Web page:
Revise your ABCs: Tips to get the most from your daily dose of vitamins

Vitamins and minerals are big business in the UK. In 2016 we spent £421 million on vitamins and minerals and nearly half of us pop a daily pill to make up for any perceived deficiencies in our diets. So how can we tweak the healthy habit to boost our wellbeing further?

Vitamins: morning or evening? 

Perhaps surprisingly, at least for those who take their tablet at breakfast time, a one-a-day vitamin and mineral supplement is usually best taken after your evening meal.

“The repair processes your body undergoes are greatest at night when growth hormone is secreted,” says Dr Sarah Brewer, medical director of Healthspan (healthspan.co.uk) and author of The Essential Guide To Vitamins, Minerals And Herbal Supplements.

“That said, it’s best to take them when you’re most likely to remember. If brushing your teeth in the morning prompts you to take your vitamins, take them then.”

If you often have trouble sleeping and your supplement contains B vitamins, you might want to take it before 2pm. 

“B vitamins are energy promoting and although they don’t give you the same sort of buzz as caffeine, they may keep you awake,” says nutritional therapist Lorna Driver-Davies at Wild Nutrition (wildnutrition.com).

“Similarly, if you take magnesium, take this in the evening as it promotes restful sleep. It won’t make you drowsy if you take it during the day but it works better in the evening.”

Take them with food? 

“If vitamins are synthetic – made to mimic the way we get them naturally in our diets – you need to take them with food, as it ‘unlocks’ the active ingredients and enables the body to absorb them properly,” says Lorna.

“Food-state supplements already have those cofactors in place. The exception is a probiotic, which needs to be taken on an empty stomach so it can work more effectively with the bacteria in the gut.”

Dr Brewer says having a few bites of a sandwich or a glass of juice is enough before taking your supplement. “Don’t take vitamins on an empty stomach unless specifically directed because they can cause irritation and make you feel sick,” she warns. “And don’t take them with tea or coffee, as these may interfere with absorption.”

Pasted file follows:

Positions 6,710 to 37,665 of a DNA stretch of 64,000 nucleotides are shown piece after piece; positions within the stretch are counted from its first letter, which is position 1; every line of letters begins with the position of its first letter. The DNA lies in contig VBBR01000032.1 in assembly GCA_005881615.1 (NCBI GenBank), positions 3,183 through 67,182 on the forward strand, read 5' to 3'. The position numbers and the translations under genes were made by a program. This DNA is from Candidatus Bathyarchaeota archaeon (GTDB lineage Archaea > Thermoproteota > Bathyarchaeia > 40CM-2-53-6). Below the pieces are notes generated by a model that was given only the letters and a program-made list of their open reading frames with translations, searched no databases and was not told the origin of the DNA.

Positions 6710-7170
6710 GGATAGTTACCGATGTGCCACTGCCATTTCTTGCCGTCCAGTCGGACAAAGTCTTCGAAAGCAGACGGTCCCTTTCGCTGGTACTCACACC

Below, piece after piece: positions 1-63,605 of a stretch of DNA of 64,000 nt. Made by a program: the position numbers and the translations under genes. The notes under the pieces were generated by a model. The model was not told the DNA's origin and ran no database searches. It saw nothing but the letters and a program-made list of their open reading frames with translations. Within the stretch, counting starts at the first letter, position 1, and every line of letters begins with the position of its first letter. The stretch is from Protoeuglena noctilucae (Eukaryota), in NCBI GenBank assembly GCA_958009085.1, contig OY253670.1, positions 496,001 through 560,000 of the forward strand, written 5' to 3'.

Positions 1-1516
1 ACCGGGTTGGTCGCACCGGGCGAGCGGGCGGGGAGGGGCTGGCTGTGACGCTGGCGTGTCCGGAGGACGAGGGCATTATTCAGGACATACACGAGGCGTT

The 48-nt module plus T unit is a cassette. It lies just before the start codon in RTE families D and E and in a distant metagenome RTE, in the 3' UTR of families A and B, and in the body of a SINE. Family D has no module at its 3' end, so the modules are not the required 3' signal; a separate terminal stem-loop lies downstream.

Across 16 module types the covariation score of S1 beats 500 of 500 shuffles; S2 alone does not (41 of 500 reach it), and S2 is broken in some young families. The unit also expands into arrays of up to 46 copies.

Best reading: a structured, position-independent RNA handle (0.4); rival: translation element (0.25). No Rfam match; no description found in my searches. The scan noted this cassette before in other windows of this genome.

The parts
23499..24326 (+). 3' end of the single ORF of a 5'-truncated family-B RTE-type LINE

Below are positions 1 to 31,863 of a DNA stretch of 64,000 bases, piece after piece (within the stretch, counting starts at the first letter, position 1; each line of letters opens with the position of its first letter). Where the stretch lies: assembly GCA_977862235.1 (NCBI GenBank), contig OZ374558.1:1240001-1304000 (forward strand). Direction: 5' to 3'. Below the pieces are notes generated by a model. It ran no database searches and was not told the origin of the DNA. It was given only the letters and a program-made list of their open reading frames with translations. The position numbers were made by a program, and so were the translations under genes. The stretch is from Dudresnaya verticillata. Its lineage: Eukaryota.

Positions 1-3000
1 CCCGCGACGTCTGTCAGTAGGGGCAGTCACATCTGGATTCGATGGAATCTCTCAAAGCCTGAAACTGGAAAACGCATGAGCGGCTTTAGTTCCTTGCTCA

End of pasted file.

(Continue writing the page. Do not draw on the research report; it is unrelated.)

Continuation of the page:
Missing a day? 

Some vitamins, such as C and B groups, are water soluble, which means that although the body doesn’t store them, they are easy to top up. Fat-soluble vitamins such as A, D and E, however, are stored in the liver and fatty tissues, so although you don’t strictly need to take them every day, Lorna advises you do so.

“Otherwise you won’t get the cumulative results and you’re just wasting your money,” she says. “If you have low levels of vitamin D and miss your supplements frequently over a 28-day period, you can’t expect your levels to improve. Try to be consistent.”

What’s the cost?

The rise of food-state supplements made from wholefood nutrients and combined with food bases for better absorption, has encouraged us to consider the quality of our vitamins.

They can be expensive because of how they’re produced although, as Lorna points out, many people pay a lot of money for poor quality vitamins, too.

“Investigate the brand and the ingredients they use to ensure you’re getting the level of active ingredient you want,” she says. 

Dr Brewer recommends brands with good manufacturing practice (GMP) approval so you can be sure that your supplements conform to certain guidelines. 

Which supplement? 

A good-quality multivitamin tops Dr Brewer’s list – but be wary about taking more supplements afterwards. “Adding a formula for energy means you might be taking more than the EU-approved upper safe level of magnesium, for instance,” she says.

“Diarrhoea is a common side effect of mixing too many supplements as the body tries to excrete what it doesn’t need.”Lorna adds, “In winter we all need more vitamin D. We’re not exposed to enough sunshine and it’s only available from a small number of foods, so a daily supplement is essential.” 

To buy Dr Sarah Brewer’s The Essential Guide To Vitamins, Minerals And Herbal Supplements (£12.99), see Express Bookshop at expressbookshop.co.uk.



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